New policy brief addresses how to apply the Safe System approach to community engagement
Few resources, if any, address how to apply the Safe System framework in community engagement and planning efforts. In a new policy brief, "Conducting Community Engagement with a Safe System Lens" UC Berkeley SafeTREC's Senior Policy & Program Analyst Katherine L. Chen and Co-Director Jill F. Cooper provide an overview of how the Federal Highway Administration (FHWA) Safe System elements and principles were adapted for the Community Pedestrian and Bicycle Safety Training Program (CPBST) to not only make it more applicable for grassroots community engagement but also to strengthen the impact of the approach. Read the full brief for an overview of their thought process and insights for future community engagement efforts and explore a sampling of highlights below of how the Safe System principles and elements were adapted by CPBST program partners SafeTREC and California Walks (Cal Walks).
Safe System Principles
The six principles of the adapted Safe System approach are:
- Death or serious injury is unacceptable.
- Humans make mistakes at one time or another.
- Multiple protections are crucial.
- All road users share responsibility.
- Humans are vulnerable; safety is proactive.
- Equity is a priority throughout the system.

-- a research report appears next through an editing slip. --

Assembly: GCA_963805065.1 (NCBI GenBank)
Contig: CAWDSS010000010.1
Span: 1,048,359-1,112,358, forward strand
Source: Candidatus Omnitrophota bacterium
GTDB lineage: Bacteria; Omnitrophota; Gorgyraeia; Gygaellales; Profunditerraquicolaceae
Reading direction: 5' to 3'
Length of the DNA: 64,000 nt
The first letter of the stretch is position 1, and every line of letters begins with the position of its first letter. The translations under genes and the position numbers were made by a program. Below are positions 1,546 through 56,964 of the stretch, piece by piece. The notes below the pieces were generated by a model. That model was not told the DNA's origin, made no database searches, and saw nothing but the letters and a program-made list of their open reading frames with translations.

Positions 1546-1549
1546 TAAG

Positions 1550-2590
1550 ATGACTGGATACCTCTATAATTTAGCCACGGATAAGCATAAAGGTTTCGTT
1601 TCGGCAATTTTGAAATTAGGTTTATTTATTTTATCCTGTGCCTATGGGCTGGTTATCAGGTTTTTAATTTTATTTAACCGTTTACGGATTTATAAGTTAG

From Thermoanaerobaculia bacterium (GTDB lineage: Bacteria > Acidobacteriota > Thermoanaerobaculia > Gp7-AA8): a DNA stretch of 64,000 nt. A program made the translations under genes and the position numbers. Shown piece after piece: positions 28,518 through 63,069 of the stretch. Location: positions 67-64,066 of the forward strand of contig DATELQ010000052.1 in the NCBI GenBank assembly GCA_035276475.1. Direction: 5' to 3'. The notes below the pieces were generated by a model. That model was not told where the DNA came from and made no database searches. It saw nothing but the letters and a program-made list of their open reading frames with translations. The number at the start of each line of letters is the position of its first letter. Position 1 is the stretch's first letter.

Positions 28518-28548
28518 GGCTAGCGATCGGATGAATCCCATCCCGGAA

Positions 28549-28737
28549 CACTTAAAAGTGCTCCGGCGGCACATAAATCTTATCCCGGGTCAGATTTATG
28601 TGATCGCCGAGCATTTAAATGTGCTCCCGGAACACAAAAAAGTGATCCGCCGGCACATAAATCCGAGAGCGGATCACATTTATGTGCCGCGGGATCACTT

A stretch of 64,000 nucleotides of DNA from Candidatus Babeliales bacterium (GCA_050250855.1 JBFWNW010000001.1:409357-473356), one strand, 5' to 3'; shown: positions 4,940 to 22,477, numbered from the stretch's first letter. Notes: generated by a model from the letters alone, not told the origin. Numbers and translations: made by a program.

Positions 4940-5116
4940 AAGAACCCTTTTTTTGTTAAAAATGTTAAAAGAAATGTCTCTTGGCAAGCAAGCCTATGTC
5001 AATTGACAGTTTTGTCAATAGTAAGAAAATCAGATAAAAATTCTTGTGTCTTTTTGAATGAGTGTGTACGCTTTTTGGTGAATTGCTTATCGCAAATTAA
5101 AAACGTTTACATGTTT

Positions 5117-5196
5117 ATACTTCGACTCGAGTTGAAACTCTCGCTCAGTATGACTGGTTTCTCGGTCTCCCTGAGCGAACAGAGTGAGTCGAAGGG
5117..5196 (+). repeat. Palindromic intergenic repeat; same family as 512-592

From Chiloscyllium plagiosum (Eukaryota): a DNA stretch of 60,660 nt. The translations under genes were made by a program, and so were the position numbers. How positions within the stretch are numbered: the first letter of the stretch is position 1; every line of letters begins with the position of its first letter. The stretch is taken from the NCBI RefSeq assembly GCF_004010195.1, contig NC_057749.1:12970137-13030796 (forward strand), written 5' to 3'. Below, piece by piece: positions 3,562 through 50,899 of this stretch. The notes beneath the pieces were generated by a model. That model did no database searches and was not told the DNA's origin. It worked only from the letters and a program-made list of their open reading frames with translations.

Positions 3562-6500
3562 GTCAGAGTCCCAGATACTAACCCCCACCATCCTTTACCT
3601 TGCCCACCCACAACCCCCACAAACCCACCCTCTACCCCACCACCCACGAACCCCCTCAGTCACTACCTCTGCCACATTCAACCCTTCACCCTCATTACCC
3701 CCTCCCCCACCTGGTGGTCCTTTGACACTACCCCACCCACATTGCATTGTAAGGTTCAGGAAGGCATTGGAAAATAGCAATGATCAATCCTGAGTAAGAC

Safe System Elements of Action
The six elements of the adapted Safe System approach that improve safety for all road users through multiple layers of protection are:
- Safe speeds. Reduce driver speeds to reduce injury severity for all road users.
- Safe streets design. Design roads that are people-focused and reduce conflict between users.
- How people use the road. Create opportunities for and expand awareness of safe walking, biking, and rolling.
- Post-crash response. Provide physical and emotional care to crash survivors and their families.
- Capacity building and empowerment. Empower communities to claim ownership of safe streets and public spaces.
- Policies, planning, and safety data. Create systems change at the local and statewide policy level.
The Community Pedestrian and Bicycle Safety Training (CPBST) Program
The CPBST program is a statewide active transportation and community engagement project of SafeTREC and Cal Walks. It uses the Safe System Framework to engage residents and advocates to develop an action plan to improve active transportation safety in their communities, support complete streets planning, and strengthen collaboration with local officials and agency staff. Over the course of approximately two months, we work with a Planning Committee, a group of local stakeholders to develop workshop goals and tailor the curriculum to address the community’s needs and priorities. The workshop convenes the larger local community to conduct walking and biking assessments of key areas in the community, learn about Safe System strategies to alleviate walking and biking concerns, learn about ways they can further Safe System improvements, and develop action plans for priority infrastructure and community programs. Learn more about the CPBST.
Funding for this program was provided by a grant from the California Office of Traffic Safety (OTS) through the National Highway Traffic Safety Administration (NHTSA).